An incredible adventure for kids and adults of all ages, the Pirate & Treasure Museum offers visitors a chance to journey back 300 years to the era of the Golden Age of Piracy. This unique museum showcases one of the largest collections of rare pirate artifacts in the world including Captain Thomas Tew’s 17th Century Treasure Chest and the Journal of Captain Kidd’s Final Voyage in 1699. You’ll tour through interactive exhibits, high-tech, multi-sensory experiences and spectacular treasure and learn the fascinating history of swashbuckling pirates that lived on the very shores of St. Augustine and other ports along Florida’s coast.
Built in 1739, the Old Drug Store is located at 31 Orange Street. It was here that tobacco, liquor, medicine, Indian remedies and handmade medical concoctions were sold. Stop in for a look at what life was like before computers and technology. This wonderful museum is a timeless treasure in the Old City, capturing the simplicity of the early days when St. Augustine was a Spanish settlement. Stop in for a visit and see the antique cash registers, bottles of remedies, elixirs and tonics and other items that are nostalgic of an era gone by.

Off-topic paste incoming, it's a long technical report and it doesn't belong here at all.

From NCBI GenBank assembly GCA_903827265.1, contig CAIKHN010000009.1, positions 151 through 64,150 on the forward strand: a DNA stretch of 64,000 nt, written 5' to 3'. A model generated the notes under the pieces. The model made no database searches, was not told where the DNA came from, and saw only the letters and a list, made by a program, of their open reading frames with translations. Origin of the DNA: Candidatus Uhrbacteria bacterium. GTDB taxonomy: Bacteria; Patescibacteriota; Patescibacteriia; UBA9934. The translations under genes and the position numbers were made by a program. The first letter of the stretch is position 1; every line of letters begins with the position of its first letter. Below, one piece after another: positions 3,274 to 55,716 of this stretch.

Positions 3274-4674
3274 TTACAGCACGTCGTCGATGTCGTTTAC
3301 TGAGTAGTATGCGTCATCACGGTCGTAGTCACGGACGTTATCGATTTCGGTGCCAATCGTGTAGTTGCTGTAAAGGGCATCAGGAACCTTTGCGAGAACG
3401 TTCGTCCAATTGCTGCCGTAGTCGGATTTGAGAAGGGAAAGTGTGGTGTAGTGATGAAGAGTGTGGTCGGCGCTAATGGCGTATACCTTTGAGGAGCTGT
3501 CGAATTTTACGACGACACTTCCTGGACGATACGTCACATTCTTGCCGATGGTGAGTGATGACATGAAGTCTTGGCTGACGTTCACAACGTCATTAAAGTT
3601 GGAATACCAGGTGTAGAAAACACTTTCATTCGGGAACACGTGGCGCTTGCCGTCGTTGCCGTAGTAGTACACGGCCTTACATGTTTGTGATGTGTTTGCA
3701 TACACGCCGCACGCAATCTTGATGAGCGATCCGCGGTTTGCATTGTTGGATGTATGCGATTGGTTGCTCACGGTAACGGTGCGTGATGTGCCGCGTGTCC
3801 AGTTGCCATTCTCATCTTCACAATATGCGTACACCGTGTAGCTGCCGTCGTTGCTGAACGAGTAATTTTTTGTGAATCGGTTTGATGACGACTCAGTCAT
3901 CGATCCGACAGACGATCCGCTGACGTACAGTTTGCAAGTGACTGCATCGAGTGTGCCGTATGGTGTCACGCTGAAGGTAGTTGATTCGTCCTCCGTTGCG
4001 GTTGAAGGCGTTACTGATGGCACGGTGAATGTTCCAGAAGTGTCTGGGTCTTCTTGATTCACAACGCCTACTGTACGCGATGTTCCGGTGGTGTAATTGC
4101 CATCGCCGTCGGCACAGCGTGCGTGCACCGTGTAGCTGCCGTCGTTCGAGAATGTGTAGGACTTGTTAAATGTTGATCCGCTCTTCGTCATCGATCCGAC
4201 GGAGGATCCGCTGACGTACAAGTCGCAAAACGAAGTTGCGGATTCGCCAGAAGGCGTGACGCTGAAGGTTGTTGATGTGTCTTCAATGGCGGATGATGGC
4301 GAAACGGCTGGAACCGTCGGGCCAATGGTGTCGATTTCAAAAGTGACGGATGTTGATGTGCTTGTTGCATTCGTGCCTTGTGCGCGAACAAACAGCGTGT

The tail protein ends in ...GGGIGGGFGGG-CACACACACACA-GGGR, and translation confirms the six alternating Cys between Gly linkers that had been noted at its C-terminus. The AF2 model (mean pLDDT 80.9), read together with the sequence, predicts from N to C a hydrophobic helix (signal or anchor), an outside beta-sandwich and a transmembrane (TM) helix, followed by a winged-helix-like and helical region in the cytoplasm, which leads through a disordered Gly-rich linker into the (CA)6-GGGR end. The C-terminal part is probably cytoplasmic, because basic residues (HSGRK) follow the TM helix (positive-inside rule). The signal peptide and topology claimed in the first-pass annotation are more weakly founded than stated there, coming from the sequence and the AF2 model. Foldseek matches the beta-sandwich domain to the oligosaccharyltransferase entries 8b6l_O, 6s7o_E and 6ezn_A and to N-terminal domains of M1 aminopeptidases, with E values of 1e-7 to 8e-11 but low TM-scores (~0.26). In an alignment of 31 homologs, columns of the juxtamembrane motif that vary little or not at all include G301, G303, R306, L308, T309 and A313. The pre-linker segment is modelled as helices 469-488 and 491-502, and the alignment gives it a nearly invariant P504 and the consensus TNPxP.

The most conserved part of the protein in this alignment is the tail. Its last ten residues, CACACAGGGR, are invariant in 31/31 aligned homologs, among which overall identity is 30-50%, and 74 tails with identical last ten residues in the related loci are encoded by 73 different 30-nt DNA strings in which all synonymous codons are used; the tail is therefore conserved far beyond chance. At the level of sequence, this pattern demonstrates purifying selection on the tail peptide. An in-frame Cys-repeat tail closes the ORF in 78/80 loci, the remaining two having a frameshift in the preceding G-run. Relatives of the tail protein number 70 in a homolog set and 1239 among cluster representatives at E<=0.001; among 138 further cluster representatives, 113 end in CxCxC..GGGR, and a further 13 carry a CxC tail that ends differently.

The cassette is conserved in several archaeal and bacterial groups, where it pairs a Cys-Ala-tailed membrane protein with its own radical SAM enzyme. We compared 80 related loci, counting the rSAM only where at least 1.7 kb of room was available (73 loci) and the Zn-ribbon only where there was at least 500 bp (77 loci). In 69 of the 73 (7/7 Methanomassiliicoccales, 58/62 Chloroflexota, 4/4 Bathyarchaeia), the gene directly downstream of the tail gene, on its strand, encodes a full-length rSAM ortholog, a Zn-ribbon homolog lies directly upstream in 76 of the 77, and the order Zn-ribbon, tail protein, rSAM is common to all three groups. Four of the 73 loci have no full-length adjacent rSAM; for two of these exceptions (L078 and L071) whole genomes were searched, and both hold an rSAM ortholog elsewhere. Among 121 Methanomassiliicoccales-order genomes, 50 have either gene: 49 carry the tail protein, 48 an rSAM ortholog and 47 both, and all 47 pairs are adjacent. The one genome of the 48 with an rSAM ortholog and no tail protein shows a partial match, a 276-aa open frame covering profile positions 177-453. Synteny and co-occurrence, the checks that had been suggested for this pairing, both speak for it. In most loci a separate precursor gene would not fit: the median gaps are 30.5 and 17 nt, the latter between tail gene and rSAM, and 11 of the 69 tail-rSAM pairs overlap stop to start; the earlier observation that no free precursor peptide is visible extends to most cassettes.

For a spooky good time, hop on the Trolley of the Doomed and visit some of St. Augustine’s most haunted spots. The Ghosts and Gravestones Tour has been frightening guests for many years – guided by their very own costumed conductors who will lead you on a terrifyingly entertaining tour of where the dearly departed still linger. You’ll learn the scary secrets of the Ancient City’s dark past and have a close encounter with some of the city’s most infamous spirits. The Ghost tours run 7 nights a week and depart from the Welcome Center at 27 San Marco Avenue.
The oldest masonry fort in the continental United States, the Castillo de San Marcos sits on the shore of Matanzas Bay and was constructed in 1672 to guard the coast of St. Augustine against foreign invasion. Today, you can take a self-guided tour of the historic National Monument and learn about its fascinating history and significance to American history. There are a variety of exhibits to view, daily Ranger Talks, a short video shown every hour that features cannon and musket firings and weapons demonstrations and presentations by costumed re-enactors.